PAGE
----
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Jewishly speaking, we’re in the thick of doing the numbers. As I write these words, we’re heading into the finale of Passover. The Haggadah provided us with the wonderful who Knows One Song — the numbers are powerful shorthand for core ideas that we pass along. A six-digit figure that morphs along at blazing speed as you read this — somewhere between 550,000 and 600,000 — is shorthand for the Angel of Death; not slaying the butcher who is featured in Had Gadya, no — that’s the mounting US death toll from a plague not mentioned in the Seder. Who can possibly know how to wrestle with this number? Undoubtedly, some will run from the number as quickly as possible, as in too much, can’t do it. Understandable. I suspect that part of the journey forward, sooner or later, an unflinching reckoning will be unavoidable and essential.
Lighter note — Numbers considered in a more hopeful tone: there’s a box full of details that will guide us back into our sacred space at Sha’arey Israel — properly spaced seating capacity. We’re working on it, and, as the traditional words go: bim’heira v’yameinu, v’nomar amen — speedily in our day, and let us say Amen!
A few years ago, we started to count the omer on Fridays at Just Tap’d and after Pesach I’m looking forward to some outdoor omer counting with friends (urgent plug: GET THE SHOT, PLEASE!) while enjoying one of many excellent beverages available for purchase. The idea began on a whim, something catchy to connect the counting of the omer with the joy of hanging out with each other. Just those words — hanging out with each other — bring up a flood of feelings about the incredible challenging year that has passed. It has exacted a terrible toll; it is not over. But people are venturing back into (judiciously, I hope) the world.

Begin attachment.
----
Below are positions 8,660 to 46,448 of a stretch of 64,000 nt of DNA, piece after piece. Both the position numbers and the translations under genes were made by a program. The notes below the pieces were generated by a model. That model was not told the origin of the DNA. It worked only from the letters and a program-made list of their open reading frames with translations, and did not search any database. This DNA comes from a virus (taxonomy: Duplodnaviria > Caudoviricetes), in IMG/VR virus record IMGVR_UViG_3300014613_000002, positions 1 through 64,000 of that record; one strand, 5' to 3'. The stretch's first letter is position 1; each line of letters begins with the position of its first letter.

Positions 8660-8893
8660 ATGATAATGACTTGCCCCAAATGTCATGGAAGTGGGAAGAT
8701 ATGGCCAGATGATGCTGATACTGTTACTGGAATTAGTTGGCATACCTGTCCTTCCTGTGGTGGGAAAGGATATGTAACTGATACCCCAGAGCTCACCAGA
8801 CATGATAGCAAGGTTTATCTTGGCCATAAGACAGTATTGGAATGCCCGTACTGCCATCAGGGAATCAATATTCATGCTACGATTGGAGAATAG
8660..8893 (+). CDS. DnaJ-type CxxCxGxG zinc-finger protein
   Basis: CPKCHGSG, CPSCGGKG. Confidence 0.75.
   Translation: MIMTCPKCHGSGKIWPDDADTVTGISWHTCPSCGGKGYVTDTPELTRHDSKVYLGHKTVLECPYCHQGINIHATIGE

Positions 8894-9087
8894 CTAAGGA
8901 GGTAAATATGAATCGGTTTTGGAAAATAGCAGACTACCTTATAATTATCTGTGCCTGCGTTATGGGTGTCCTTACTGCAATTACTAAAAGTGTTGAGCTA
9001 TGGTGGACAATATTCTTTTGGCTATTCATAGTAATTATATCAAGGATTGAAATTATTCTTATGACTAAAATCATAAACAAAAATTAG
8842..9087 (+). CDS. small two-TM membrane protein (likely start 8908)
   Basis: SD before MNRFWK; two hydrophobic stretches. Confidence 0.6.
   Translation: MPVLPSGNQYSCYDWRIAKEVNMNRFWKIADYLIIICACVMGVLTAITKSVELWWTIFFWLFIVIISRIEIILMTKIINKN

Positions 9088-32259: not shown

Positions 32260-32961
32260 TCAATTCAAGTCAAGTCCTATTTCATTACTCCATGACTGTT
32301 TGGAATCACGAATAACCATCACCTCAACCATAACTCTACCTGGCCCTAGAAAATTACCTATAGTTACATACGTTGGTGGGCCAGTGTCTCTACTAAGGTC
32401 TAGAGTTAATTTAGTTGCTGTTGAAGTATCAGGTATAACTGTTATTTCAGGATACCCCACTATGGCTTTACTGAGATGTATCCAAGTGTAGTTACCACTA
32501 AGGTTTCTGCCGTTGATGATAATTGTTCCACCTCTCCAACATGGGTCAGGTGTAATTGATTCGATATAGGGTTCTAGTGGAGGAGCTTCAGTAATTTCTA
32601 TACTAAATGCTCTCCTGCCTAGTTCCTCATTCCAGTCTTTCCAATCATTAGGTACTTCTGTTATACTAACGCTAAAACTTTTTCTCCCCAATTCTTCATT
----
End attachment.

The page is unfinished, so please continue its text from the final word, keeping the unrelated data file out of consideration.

It should be clear that this present into the future — is not exactly the one which closed down in 2020. There are changes with which people must grapple in many aspects of our lives. I personally believe that there are positive, beneficial outcomes that are part of the emerging reality. So, what does it mean to take a measure? Of course, there are numbers, technical discussions for folks with expertise in doing the numbers. But the title of this piece is also about resilience. Change — it might be subtle or drastic, gradual or sudden — is a part of life. It always has been. It’s not shutting down change or outrunning it — those are efforts which will (sooner or later) fail. It’s about how we adjust, how we grow into the changes which shape our lives.
This understanding makes the omer — the journey between Passover and Shavuot — much more interesting than whatever number is announced on a particular evening during the next six weeks.
The Rabbis reframed Shavuot into a spiritual engagement with receiving Torah. And the omer has also been refashioned into a corridor for taking measure and for preparation to celebrate what Torah means to each of us in our lives.
Metaphorically speaking (and that is certainly what I do ), so many numbers race by the ‘margin beneath our screens’ — marketplace: what’s up, what’s down, world of sports: who won, who lost, science: how many vaccinated, percentages of efficacy, etc., etc… all the digits and bits that symbolize the lives we lead, what my Buddhist teachers call the Ten Thousand Joys and Sorrows.
So, the numbers are about what it means for us – personally, communally, globally —what we decide to do with it all.